Don’t Let Blisters Ruin Your Bellin Run

May 10, 2010

Blisters are a pain. You Bellin Run veterans know what we’re talking about. And you newbies to the Bellin Run just might find out – the hard way – if you don’t take the following advice from Nate Vandervest, a strength and conditioning specialist at Bellin Health Sports Medicine.

“Just do what you can to avoid them,” Vandervest says. “Getting one or several during race day, especially when you’re already pushing your body to the limit, can be detrimental to your Bellin Run experience.”

What’s a Blister?
A blister is a painful, small pocket of fluid formed on the outer layer of the skin. Most blisters are filled with a clear fluid, although in some cases fluid color can range from clear to red or even blue.

“Blisters can be painful enough to stop you from running or walking. That’s not something you want happening after weeks of training diligently for your big day,” Vandervest said.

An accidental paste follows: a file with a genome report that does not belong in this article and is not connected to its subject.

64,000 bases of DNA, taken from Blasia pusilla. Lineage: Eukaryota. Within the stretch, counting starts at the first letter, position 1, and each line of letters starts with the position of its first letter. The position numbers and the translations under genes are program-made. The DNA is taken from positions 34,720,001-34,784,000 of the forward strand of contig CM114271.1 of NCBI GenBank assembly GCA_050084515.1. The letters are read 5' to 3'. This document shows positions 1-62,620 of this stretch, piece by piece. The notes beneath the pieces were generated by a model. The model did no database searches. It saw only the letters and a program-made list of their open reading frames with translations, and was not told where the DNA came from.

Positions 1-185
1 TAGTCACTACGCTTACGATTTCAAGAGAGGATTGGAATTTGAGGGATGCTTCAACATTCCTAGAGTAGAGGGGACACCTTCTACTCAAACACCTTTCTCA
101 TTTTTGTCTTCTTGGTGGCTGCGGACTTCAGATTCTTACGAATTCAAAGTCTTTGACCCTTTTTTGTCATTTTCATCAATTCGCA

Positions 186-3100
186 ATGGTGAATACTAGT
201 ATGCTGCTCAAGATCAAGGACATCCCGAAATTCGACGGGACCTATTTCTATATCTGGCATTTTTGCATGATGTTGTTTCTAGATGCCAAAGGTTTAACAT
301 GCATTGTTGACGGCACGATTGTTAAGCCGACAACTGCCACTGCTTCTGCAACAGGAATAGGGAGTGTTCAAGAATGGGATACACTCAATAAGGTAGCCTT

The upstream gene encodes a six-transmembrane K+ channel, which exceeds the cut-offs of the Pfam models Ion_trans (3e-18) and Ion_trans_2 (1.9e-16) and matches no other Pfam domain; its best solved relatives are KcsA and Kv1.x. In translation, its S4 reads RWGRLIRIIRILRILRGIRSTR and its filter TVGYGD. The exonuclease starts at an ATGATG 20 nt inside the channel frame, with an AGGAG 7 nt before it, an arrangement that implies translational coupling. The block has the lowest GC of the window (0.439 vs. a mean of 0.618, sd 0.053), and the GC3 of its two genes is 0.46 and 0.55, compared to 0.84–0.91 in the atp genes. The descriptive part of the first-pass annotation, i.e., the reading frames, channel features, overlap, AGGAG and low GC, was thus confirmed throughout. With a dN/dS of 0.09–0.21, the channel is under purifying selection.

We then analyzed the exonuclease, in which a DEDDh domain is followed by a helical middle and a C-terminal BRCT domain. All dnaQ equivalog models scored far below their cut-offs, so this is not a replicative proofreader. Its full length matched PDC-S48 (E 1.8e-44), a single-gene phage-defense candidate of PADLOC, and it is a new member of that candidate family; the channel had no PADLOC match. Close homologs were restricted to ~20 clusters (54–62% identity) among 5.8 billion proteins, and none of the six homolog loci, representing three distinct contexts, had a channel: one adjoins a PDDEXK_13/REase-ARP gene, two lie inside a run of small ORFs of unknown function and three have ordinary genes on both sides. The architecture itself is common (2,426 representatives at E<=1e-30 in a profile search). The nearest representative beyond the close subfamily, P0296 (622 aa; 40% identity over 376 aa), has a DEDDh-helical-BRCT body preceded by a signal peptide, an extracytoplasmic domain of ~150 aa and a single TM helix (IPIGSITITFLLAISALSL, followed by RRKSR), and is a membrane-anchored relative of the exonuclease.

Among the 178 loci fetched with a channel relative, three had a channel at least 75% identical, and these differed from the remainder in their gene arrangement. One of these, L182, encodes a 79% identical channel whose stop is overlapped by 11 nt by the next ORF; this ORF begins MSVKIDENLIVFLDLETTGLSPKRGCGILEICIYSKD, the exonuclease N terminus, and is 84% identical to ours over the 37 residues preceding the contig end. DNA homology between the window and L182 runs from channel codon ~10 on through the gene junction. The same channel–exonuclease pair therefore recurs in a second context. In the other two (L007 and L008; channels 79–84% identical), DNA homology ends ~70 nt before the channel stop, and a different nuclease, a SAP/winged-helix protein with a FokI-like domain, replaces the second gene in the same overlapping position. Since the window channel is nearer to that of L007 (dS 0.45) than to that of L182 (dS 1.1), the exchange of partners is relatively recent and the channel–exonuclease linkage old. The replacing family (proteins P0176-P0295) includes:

We’ve provided some information to help you avoid blisters. If you still have questions, feel free to contact Nate Vandervest or any of our running experts at Bellin Health Sports Medicine at (920) 430-4756.

What Causes Blisters?
•  Ill-fitting shoes: If your shoes don’t fit properly, you’re a likely candidate for blisters. Your foot will move around. Friction comes to play. Voila! You’ve got a blister.
•  The Wrong Socks: Poorly-fitting socks or ones that are made of an irritating material (like cotton that soaks up moisture) can lead to blisters. Wearing no socks at all is even worse.
•  Heat: Leads to sweat, leads to moisture, leads to … you guessed it, blisters.
•  Moisture: Softens your skin, creating ripe conditions for blisters.
•  Sand or gravel: Irritates your skin and creates friction which can lead to blisters.

•  Reduce friction by spreading conservative amounts of Vaseline on areas most susceptible to blisters.
•  Use socks made of nylon. Synthetic material absorbs sweat and dries up fast.
•  Pad blister “hot spots” on your foot with moleskin or athletic tape.
•  Relieve pressure points with shoe modifications or orthotics.

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